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I have implemented as follows, a class applying singleton pattern to get a global single access to database. I intend to provide a thread-safe implementation.

using System.Data.SqlClient;

public sealed class Database
    {
        private static volatile SqlConnection instance;
        private static object syncRoot = new object();
        private const string connectionString = "Data Source=ServerName;" +
                                                "Initial Catalog=DataBaseName;" +
                                                "User id=UserName;" +
                                                "Password=Secret;";

        private Database() { }

        public static SqlConnection Instance
        {
            get
            {
                if (instance == null)
                {
                    lock (syncRoot)
                    {
                        if (instance == null)
                            instance = new SqlConnection(connectionString);
                    }
                }

                return instance;
            }
        }
    }
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As per the docs

https://msdn.microsoft.com/en-us/library/system.data.sqlclient.sqlconnection(v=vs.90).aspx

Any public static (Shared in Visual Basic) members of this type are thread safe. Any instance members are not guaranteed to be thread safe.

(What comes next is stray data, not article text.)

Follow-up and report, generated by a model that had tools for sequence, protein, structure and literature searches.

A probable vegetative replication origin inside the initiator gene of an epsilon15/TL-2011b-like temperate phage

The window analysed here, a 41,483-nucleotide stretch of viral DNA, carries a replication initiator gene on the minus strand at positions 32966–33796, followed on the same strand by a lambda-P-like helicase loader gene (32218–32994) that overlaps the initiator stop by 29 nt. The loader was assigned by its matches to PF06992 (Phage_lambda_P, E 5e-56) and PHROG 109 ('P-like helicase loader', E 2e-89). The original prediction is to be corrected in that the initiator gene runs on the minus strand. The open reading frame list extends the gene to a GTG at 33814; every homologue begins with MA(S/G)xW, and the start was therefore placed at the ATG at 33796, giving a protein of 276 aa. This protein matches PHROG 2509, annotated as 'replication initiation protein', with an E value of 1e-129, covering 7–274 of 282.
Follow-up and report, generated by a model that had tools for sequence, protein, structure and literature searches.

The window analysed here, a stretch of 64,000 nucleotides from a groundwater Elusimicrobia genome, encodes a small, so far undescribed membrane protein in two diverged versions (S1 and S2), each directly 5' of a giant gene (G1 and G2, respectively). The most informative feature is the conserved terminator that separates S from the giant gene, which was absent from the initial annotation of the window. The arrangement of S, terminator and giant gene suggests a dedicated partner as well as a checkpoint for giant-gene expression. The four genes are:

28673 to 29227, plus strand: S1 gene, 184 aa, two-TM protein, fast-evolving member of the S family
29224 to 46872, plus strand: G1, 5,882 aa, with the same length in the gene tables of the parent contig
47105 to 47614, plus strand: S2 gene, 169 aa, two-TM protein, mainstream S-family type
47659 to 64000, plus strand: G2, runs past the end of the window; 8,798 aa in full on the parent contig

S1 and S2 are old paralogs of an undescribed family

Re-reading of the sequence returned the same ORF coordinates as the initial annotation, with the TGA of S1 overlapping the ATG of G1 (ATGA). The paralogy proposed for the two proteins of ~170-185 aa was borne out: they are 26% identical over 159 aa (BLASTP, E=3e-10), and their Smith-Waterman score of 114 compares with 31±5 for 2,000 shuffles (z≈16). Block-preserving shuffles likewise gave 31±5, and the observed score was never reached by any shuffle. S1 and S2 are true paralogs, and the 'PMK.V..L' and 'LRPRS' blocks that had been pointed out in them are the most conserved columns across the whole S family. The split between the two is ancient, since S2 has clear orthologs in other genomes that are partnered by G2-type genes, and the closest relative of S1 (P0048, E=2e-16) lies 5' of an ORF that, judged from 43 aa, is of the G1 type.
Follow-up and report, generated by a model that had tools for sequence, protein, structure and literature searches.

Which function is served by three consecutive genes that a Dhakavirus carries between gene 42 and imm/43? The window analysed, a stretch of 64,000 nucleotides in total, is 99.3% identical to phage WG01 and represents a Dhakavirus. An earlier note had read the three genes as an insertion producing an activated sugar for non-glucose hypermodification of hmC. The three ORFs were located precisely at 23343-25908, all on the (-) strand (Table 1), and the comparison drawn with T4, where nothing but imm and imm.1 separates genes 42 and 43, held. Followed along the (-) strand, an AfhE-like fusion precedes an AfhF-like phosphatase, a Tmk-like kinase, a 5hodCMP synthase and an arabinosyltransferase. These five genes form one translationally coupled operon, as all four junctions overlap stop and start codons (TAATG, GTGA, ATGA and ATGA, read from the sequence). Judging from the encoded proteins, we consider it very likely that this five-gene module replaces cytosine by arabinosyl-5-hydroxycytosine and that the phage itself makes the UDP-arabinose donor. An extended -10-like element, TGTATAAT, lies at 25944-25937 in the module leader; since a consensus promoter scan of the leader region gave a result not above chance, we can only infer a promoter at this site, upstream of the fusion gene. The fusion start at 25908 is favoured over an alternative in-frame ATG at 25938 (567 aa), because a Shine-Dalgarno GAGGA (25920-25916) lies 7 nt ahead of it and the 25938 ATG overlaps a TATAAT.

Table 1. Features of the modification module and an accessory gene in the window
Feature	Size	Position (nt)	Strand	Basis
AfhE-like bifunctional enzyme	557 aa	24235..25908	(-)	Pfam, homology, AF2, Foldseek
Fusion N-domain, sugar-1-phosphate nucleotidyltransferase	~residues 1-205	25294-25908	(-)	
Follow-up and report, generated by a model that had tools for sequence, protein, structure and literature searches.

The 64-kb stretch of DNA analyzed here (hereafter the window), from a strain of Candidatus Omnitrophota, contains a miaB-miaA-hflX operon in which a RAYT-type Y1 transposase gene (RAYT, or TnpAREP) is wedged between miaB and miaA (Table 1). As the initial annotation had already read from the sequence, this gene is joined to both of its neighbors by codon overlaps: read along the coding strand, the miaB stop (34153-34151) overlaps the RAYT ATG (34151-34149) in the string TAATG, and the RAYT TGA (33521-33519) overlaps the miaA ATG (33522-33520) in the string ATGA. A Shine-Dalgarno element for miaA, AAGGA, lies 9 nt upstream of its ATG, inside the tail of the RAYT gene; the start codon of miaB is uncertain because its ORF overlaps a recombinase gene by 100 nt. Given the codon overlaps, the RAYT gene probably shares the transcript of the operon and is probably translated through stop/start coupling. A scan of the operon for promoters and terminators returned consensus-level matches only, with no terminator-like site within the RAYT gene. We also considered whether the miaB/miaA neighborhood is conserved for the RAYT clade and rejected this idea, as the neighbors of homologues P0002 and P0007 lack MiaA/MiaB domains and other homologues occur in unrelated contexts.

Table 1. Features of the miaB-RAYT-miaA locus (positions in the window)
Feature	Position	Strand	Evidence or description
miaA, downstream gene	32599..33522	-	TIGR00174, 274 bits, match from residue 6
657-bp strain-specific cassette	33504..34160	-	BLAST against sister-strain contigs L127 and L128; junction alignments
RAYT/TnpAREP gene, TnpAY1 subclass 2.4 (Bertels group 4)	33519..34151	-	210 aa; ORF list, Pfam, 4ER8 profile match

This means that while the Singleton instance can be technically correct, it is not correct in this specific context of the SqlConnection class if you plan to access instance members from different threads (and you possibly do).

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A connection string is configuration data, it has nothing to do in code, even less so in a const. Pull it out of there, and into a proper configuration settings file. Also consider using Windows Authentication so that you don't need to have passwords stored in plain text anywhere.

What you've made thread-safe is the acquisition of the SqlConnection instance.

About the volatile usage:

Making the instance variable volatile can make it work, as would explicit memory barrier calls, although in the latter case even experts can't agree exactly which barriers are required. I tend to try to avoid situations where experts don't agree what's right and what's wrong!

http://csharpindepth.com/articles/general/singleton.aspx

A better implementation would use a Lazy<T> instead of explicit locks and obscure keywords.

Now, a Singleton normally instantiates itself - so your field and Instance would be a Database object, not a SqlConnection. Database is a very unfortunate name for this concept BTW - your class has nothing to do with a database; if anything it's a SqlConnectionProvider or whatever - but not a Database.

The connection itself can be acquired by any number of threads. What's not clear is who is responsible for correctly disposing that connection.

An SqlConnection implements IDisposable, and should be as short-lived as possible. Seems your intent is to reuse the same connection instance throughout the lifetime of your application, and have some cleanup/exit code deal with proper disposal (if at all?).

The whole idea doesn't feel right at all. The connection overhead is already taken care of with connection pooling, so there's no need to keep a single connection alive forever, even less so to use it across multiple threads.

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